Connecting a power line to the No. 2 reactor of the Fukushima Daiichi power plant is expected to be completed during the day, the Japanese Kyodo news agency said.

Engineers today inched closer to connecting power at the tsunami—crippled Fukushima nuclear plants, north of the Japanese capital, so as to restore the damaged cooling system to the dangerously overheated nuclear fuel.

Tokyo Electric Power Co., which owns and runs the plants, has stepped up efforts to bring electricity back to its crippled nuclear reactors to cool down the overheating spent fuel, as firefighters said they were increasing the spraying of water at the plant in a desperate attempt to avert a meltdown.

Connecting a power line to the No. 2 reactor of the Fukushima Daiichi power plant is expected to be completed during the day, the Japanese Kyodo news agency said.

Engineers have now connected a power cable to the outside of the plant. Further cabling is under way inside to try to restart water pumps in four of the six reactors, the BBC said.

“We are scheduled to restore electricity at number 1 and 2 [reactors] today,” an official of the nuclear safety agency said.

“Reactors number 5 and 6 also will be powered today.

They are scheduled to restore power to number 3 and 4 tomorrow [Sunday],” the BBC quoted the official as saying.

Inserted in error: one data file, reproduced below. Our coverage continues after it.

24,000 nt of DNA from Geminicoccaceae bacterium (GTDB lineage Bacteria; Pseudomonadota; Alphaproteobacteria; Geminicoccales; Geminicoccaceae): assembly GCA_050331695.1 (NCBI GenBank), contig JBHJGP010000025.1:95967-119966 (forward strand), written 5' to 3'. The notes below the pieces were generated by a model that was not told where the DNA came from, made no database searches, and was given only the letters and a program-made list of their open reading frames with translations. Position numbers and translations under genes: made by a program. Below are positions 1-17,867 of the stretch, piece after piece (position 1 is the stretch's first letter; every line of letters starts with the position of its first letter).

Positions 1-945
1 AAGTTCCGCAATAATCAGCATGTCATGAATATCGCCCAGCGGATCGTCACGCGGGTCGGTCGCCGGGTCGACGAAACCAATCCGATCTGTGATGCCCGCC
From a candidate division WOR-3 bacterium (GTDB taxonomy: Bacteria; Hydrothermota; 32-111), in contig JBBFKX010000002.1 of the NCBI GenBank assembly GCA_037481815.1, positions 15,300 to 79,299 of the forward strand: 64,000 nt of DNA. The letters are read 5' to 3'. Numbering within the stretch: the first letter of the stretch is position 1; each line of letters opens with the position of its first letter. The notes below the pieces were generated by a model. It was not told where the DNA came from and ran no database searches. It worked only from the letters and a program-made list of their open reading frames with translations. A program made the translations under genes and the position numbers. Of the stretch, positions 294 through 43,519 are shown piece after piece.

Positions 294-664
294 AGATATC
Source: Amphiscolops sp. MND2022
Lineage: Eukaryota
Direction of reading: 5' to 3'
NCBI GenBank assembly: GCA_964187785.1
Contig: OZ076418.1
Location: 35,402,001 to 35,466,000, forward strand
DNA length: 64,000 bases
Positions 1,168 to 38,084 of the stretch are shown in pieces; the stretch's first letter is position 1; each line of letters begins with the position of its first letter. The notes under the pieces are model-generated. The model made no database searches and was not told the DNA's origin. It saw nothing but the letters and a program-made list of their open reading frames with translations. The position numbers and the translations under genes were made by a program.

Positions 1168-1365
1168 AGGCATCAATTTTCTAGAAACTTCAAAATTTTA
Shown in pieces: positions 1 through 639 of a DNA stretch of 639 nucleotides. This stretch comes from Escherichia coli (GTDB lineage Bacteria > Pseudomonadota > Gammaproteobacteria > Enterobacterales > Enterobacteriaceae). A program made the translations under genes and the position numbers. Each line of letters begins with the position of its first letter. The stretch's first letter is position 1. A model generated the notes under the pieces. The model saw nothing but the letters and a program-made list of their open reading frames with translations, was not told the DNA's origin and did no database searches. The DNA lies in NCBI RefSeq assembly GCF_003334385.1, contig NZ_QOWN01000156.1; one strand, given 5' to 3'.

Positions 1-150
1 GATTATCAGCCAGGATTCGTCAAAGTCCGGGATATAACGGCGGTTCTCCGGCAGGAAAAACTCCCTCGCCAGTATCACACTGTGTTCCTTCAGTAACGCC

More than a week after a devastating earthquake and tsunami, the report said restoring a stable source of electricity is a key step to prevent further deterioration of the situation by cooling down the reactor cores or water in the spent fuel tanks.

Defence Minister Toshimi Kitazawa told a press conference that an examination showed the surface temperatures at the No. 1 to No. 4 reactors at 100 C or lower and that their conditions remain stable than expected. ,

At a separate press conference, Chief Cabinet Secretary Yukio Edano said the condition of the No. 3 reactor has become relatively stable following the water discharge and that the SDF is now preparing to spray water into the No. 4 reactor to cool its spent fuel pool.

“We are trying to get things under control, but we are still in an unpredictable situation,” he was quoted as saying by the Japanese news agency.

The accident severity level at the plant was raised from four to five on the 7—point international scale by Japan’s Nuclear and Industrial Safety Agency, placing the crisis two levels below Ukrain’s 1986 Chernobyl disaster, a week after the magnitude—9 quake and massive tsunami rocked the country leaving over 17,000 people dead or unaccounted for.

After smoke was detected from the No. 3 reactor building on Wednesday, Self—Defence Forces, fire fighters and others have stepped up efforts to spray water at the damaged building so as to prevent radioactive release.

Tonnes of water have been used to douse overheating fuel rods in what the chief of the U.N. International Atomic Energy Agency (IAEA) has described as “a race against time” to prevent a major disaster.

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